Bulldogs v Eels Preview

Bulldogs (Winner 2) v Eels (Winner 8)
ANZ Stadium
Friday 7.45pm

It’s being billed as the ‘Sydney Showdown’ – with a crowd of more than 70,000 expected to flood Homebush for a massive sudden-death clash between arch-enemy western suburbs rivals. That will bust the previous record for a Sydney finals game outside of a grand final, set in 1963, by as much as 15,000

You want sub-plots? The Eels’ star five-eighth Daniel Mortimer has a father who bled blue and white for Canterbury. And the Bulldogs’ captain Andrew Ryan bled blue and gold for Parramatta for his first three NRL seasons from 2000.

Not to mention the sides’ intense grand final battles in 1984 and 1986 which saw the Bulldogs and Eels triumph respectively.

But that was then and this is now. The in-form Eels, with nine wins from their past 10 games, remain on track to become the first NRL side to win a premiership from eighth place. During that time fullback Jarryd Hayne has emerged as the dominant player in the game by a considerable margin, and the Eels have also unearthed true star talent in young Mortimer.

Meanwhile the Bulldogs are still smarting from having lost the minor premiership by ‘default’ – having been deducted two competition points for an interchange breach that many of their fans argue had no effect on the outcome of their Round 2 win over the Panthers.  

They’ve won six of their past seven, their only blemish a 34-12 hammering from the Wests Tigers when they were missing halfback Brett Kimmorley with a cheekbone fracture. Three weeks on from that night Kimmorley is ready to resume his playmaker’s role here.

These sides have met twice this year; the Bulldogs thumped the Eels 48-18 in Round 6 at ANZ Stadium, before the Eels returned serve winning 27-8 at the same venue in Round 20.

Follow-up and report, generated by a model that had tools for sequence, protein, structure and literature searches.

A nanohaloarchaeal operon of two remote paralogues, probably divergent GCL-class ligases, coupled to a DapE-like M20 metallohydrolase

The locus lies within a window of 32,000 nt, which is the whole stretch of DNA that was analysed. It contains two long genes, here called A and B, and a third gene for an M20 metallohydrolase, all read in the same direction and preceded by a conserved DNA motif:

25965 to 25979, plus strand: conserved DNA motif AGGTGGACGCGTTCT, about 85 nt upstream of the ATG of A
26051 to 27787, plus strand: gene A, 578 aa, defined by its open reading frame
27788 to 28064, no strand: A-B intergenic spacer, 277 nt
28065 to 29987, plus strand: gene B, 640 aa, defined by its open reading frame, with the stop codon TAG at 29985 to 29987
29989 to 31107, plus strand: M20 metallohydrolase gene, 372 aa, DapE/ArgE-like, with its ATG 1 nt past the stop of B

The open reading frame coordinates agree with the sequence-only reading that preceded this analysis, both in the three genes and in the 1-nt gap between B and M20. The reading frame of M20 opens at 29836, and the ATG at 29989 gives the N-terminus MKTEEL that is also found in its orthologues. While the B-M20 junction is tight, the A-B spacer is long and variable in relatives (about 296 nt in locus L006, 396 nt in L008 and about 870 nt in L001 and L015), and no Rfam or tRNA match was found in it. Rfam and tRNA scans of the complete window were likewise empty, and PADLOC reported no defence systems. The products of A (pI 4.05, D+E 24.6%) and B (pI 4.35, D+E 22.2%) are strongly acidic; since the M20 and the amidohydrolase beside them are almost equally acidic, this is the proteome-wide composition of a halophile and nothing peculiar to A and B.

That loss was the Bulldogs’ only defeat at ANZ Stadium in 2009.

It’s an extra special game for Parramatta back-rower Nathan Hindmarsh – he’ll play his 259th game in the blue and gold, equalling the legendary Ray Price for second-most games behind Brett Kenny’s 265.

Watch out Bulldogs:
You’d expect Kimmorley will be a little tentative coming back from his injury, so it’s likely the Eels’ big boppers will test him out early. Look for Fuifui Moimoi (117 metres a game), Nathan Hindmarsh (100 metres) and Nathan Cayless (109 metres) to aim at the halfback in the defensive line; if they can rush up on him quickly it may fluster his playmaking into error.

Kimmorley, five-eighth Ben Roberts and hooker Michael Ennis will need to make sure their clearing kicks are to open space or to left winger Luke Burt, allowing the Bulldogs’ kick-chase plenty of time to rush up on Dally M medal winner Jarryd Hayne, who will get the ball at first receiver or run out of dummy-half.

The Eels are the NRL benchmark at creating second-phase opportunities, their 16.5 offloads per game the most by any side. They provided a textbook example when they beat the Bulldogs 27-8 in Round 20. There wasn’t much between the sides’ completion rates and possession percentages but the blue-and-golds offloaded 22 times to the Bulldogs’ 12 and ran their opponents into the ground. Scarily, they’re capable of more – their 37 offloads when climbing over the Broncos in Round 16 remains the most by any side in 2009.

Watch out Eels: Watch for some unplanned creativity from enigmatic second-rower Greg Eastwood. We reckon he could prove the game breaker. He has shown he can conjure a well-timed try assist or even put in grubber kicks that will catch oppositions off-guard.